Tramline Cycling Injury Compensation Claims
If your life, or the life of a loved one, has been affected by a cycling accident we can help.
The purpose of this guide is to help anyone who has suffered a cycling accident and is considering a legal claim for compensation. If you are looking for medical advice, please see the NHS website.
In our guide to claiming
tramline cycling injury compensation:
Tramlines in city centres present a particular problem for cyclists, especially where the cyclist is travelling in parallel to the tracks. Wheels may be trapped in the gaps between the tramlines and the road causing cyclists to fall.
Tramlines are also a hazard in icy or wet conditions when their surfaces become slippery. To reduce the risk of injury where possible, it is therefore crucial that tramlines are safe to use with appropriate signage.
Do I have a tramline cycling injury claim?
You should be able to make a tramline cycling injury claim if you sustained an injury:
- in the last three years, and;
- someone else was to blame, and;
- that person owed you a duty of care.
Claim eligibility - Common questions
What if the road accident was my fault?
If you think you were partly responsible for the road accident or for your injury, it should still be possible to make a claim.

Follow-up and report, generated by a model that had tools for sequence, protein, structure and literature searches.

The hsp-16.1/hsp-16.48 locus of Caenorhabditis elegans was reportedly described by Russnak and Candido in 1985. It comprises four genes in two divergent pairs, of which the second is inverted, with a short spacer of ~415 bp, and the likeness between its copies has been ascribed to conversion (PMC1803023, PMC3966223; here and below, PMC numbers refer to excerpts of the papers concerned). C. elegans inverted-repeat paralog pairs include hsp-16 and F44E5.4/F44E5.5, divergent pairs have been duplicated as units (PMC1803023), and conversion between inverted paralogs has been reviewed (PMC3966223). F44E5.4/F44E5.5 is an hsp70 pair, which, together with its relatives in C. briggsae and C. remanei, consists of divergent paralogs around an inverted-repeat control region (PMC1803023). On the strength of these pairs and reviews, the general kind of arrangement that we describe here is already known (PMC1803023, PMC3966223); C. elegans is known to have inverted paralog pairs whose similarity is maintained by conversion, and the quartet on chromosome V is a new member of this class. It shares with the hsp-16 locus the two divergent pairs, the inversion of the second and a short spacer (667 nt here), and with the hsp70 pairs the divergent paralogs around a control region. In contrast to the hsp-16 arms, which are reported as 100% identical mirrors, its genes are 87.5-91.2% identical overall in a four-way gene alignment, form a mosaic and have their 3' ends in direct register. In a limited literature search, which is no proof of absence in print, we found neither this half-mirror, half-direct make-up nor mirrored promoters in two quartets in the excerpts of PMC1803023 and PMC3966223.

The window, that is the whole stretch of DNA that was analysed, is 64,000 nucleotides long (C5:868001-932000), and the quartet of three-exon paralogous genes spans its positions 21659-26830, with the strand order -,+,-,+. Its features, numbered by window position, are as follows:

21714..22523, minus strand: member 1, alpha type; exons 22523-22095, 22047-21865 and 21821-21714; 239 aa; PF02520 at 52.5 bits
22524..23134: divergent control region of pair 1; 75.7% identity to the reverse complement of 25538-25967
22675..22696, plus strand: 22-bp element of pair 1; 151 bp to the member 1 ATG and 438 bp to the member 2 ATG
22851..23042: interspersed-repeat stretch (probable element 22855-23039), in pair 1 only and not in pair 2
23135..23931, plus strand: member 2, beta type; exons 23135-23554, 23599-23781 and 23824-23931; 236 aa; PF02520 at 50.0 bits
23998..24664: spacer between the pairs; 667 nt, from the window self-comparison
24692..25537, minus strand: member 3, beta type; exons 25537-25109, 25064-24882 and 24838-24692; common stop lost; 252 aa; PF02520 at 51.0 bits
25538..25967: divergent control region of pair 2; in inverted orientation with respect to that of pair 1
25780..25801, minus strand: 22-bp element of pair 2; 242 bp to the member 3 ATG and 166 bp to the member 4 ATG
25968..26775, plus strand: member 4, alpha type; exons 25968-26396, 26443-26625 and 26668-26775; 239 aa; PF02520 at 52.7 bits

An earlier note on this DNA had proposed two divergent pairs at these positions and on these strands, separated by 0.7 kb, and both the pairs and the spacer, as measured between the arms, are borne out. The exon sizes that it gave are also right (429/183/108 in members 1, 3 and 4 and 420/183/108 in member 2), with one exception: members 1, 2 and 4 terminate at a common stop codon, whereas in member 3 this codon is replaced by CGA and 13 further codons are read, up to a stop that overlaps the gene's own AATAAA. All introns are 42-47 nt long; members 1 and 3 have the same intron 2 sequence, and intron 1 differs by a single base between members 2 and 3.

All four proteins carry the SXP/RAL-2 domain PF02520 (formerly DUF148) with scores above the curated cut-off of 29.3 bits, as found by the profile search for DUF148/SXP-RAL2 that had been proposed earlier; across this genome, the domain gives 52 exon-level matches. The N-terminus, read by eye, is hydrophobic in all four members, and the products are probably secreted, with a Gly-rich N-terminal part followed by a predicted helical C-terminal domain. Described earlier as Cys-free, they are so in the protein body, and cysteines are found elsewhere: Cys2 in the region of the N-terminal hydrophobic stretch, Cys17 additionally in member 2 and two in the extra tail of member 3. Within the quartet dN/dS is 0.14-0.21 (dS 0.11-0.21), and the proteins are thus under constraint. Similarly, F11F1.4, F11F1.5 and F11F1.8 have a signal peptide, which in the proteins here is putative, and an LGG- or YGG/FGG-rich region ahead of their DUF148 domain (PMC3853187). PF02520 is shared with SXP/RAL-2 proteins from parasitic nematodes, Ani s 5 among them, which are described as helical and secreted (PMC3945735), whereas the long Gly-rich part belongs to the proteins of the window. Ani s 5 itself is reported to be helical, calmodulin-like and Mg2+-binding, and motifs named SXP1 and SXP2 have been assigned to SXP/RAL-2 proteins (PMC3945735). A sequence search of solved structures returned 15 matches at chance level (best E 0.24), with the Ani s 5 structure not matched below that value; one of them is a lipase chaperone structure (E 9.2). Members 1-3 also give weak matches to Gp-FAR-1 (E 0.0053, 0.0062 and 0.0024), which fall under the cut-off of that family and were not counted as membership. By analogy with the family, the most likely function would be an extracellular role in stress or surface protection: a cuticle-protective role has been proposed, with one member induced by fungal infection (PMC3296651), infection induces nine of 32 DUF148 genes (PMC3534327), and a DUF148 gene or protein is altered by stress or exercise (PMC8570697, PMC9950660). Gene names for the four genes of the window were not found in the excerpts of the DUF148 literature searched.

In these cases, claims are usually settled with a split liability agreement.
For example, if you were 50% responsible for your injuries, you would receive 50% less compensation.
What if the driver was uninsured or untraceable?
If the driver responsible for the injury is either uninsured or untraceable, a claim can be pursued through the Motor Insurers' Bureau (MIB).
The MIB is an independent body that pays road accident compensation to the victims of uninsured or untraced (unidentified) drivers.
What if a child was injured?
The 3 year rule does not apply to minors.
A claim can be pursued for anyone under the age of 18 by a parent, guardian or litigation friend. The injured child has up to the age of 21 to start a tramline cycling injury claim on their own behalf.
What if there is no evidence?